7 Common Pickup Configurations
Author: Rory W Date Posted:29 April 2022
The world of guitars is filled with abbreviations and lingo used to quickly describe the configurations and set-up of a guitar. This comes in handy as guitarists love to experiment with different sounds, often swapping out different bits of hardware, pickups, and even whole bodies or necks in the pursuit of their ultimate tone, so the shorthand is worth learning!
When it comes to pickups, there are loads of variations and configurations that can be used to experiment with different sounds. Outlined below are examples of the 7 most common pickup configurations, and where you might find them.
“S” = Single-Coil
“H” = Humbucker
Positions on the selector switch start with Position 1 in the neck, and then move up as they go towards the bridge.
Single-coil in the bridge, middle and neck positions. Most commonly found on “classic” S-style guitars.
- Position 1 provides a rounded, silky tone, which is very mid/bass heavy
- Position 2 is slightly thinner than other positions and is often used for funk/disco
- You will get more punch and throatiness in Position 3, adding more body to your tone
- Position 4 will provide a high-mid tone and is often the position used for wiring modifications
- Position 5 brings in a lot more twang and treble attack often used in rockabilly, country or rock
Single-coils in the neck and middle positions, humbucker in the bridge. Most commonly found on S-style guitars
- Position 1 provides the classic single-coil neck tone, tight and responsive
- Positions 1, 2 and 3 work exactly the same as an SSS configuration
- Positions 4 and 5 bring in half or the full humbucker in the bridge for a much higher output to push your amp
- There are different common wiring modifications with this pickup configuration
Humbucker in the bridge and neck positions, single-coil in the middle position. Most commonly found on S or Super S-style guitars.
- A rich-sounding Humbucker in position 1 will provide you with a very full tone
- Positions 2 & 3 can blend in the single-coil, adding a throaty mid-range great for rhythm playing.
- Position 5 will have a significant output and can push an amps front end and respond to your attack
- Position 4 can balance the middle single-coil and output of the bridge humbucker beautifully
- This pickup configuration is highly customisable and will vary from guitar to guitar
Humbucker in the bridge, humbucker in the neck, no middle pickup. Most commonly found on Super S and LP-Style guitars
- Usually 3 Positions, with dedicated tone and volume for each pickup providing a broad range of tones from two humbuckers
- Position 1 engages the neck pickup which will usually have great bass response for Jazzy or Bluesy tones, and at high volume pushes into very creamy distortion
- Position 2 blends both pickups and accents every note of a chord, balancing the pickup volume levels is key here for a full and complex tone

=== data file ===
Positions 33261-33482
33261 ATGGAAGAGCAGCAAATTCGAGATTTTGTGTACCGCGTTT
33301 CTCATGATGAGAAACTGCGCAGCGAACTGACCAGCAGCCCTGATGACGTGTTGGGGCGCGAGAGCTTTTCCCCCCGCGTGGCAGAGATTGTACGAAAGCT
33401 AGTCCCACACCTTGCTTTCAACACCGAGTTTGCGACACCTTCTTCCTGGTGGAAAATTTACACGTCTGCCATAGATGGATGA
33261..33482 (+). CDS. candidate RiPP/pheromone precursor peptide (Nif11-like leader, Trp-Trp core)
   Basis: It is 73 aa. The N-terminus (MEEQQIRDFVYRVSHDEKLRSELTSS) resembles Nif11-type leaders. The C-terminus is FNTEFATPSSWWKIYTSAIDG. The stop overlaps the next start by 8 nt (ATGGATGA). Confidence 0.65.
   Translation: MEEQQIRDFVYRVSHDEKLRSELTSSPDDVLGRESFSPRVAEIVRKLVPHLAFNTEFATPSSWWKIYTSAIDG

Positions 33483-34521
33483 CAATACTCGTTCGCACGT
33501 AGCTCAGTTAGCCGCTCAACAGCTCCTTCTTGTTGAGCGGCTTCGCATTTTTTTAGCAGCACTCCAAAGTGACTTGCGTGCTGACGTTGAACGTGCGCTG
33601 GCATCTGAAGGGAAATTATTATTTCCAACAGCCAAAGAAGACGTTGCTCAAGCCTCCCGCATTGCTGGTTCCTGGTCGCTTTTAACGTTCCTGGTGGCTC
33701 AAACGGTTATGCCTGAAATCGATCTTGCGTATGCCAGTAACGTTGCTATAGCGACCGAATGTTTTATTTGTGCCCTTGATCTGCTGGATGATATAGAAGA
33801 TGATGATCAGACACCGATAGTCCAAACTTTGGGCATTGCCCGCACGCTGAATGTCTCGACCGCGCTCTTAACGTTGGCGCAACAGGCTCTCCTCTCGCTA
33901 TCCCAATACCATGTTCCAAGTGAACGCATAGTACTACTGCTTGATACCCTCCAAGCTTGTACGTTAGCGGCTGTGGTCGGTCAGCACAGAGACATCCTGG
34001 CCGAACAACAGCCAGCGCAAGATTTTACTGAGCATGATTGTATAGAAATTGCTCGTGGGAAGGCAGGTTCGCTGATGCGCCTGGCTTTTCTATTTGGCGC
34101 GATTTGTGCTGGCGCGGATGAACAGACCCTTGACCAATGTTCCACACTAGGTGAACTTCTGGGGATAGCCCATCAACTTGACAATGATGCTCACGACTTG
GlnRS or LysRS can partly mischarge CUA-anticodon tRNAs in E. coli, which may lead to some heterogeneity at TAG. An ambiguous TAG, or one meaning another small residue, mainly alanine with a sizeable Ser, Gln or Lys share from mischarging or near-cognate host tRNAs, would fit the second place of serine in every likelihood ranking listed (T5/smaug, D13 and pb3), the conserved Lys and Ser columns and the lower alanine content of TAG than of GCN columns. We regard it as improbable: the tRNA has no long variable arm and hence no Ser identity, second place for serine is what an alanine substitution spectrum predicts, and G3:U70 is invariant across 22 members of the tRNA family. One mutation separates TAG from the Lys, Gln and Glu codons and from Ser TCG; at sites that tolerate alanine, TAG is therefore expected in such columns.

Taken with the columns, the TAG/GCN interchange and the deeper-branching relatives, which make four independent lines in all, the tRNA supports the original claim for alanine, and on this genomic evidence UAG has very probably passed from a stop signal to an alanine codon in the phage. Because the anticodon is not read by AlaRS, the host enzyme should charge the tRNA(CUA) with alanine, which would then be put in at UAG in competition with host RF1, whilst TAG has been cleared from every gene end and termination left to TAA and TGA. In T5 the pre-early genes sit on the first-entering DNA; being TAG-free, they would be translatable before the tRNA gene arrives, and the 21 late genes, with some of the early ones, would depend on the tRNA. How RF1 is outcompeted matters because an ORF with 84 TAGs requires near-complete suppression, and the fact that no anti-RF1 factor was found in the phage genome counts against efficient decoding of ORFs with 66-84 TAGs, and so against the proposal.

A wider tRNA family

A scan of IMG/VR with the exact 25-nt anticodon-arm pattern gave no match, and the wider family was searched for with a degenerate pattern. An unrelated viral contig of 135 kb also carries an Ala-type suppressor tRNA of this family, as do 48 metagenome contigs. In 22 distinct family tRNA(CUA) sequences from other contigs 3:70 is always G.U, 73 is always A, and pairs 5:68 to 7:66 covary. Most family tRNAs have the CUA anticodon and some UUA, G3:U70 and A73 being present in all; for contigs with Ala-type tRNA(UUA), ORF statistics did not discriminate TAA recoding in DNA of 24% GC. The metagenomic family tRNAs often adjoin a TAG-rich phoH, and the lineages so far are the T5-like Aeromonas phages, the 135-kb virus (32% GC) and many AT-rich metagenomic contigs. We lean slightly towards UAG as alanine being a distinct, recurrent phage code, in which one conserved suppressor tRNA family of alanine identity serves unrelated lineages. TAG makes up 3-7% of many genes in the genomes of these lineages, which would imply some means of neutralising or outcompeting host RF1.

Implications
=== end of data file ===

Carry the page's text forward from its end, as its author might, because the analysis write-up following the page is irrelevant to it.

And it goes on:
- Position 3 engages the bridge for a higher-output and provides a thick tone with plenty of response to your pick attack
- Dual Humbuckers are popular with everything from blues to metal due to their higher output, pushing amps to earlier break-up and cancelling unwanted hum from single-coils
A single-coil in the bridge, and a single-coil in the neck. Most commonly found on T-style guitars.
- Position 1 provides a clean warmth for Jazz players and also takes the sharp edge off a scooped High-Gain tone
- Position 2 is a fantastic all-rounder, engaging two single coils for a very popular rhythm tone
- Position 3 cuts right through the mix, producing the classic twang and tightness popular with Country, Rock and Pop players
Just one single-coil, usually in the bridge and often a p90 pickup rather than a standard single-coil. Most commonly found on Esquire T-style or LP Jnr Style Guitars
- Classic, hard-hitting treble tones from a single-coil, used in everything from blues through to punk and metal
- If a single-pickup guitar has a selector switch, they are often modified or customized to roll off treble using a capacitor, wire the pickup directly to the output jack (bypassing tone/volume controls for increased output), or even cut the signal entirely like a kill-switch
- Switches are most popular on Esquire (Single pickup T) style guitars, which have lots of popular wiring modification options
Just one Humbucker, usually in the bridge. Most commonly found on Esquire T-style or LP Jnr Style Guitars
- Higher-output Humbuckers are popular for these, and single-humbucker guitars are most common with heavier music styles
- If a single-pickup guitar has a selector switch, they are often modified or customized to roll off treble using a capacitor, wire the pickup directly to the output jack (bypassing tone/volume controls for increased output), or even cut the signal entirely like a kill-switch. Single humbucker guitars with a switch can provide options such as coil-splitting also, which can make these simple instruments very versatile
- Switches are most popular on Esquire style guitars, which have lots of popular wiring modification options
Remember, there is no wrong answer when crafting your own tone - experiment with the pickup selector options and volume and tone controls on your own guitar and see what sounds you discover!
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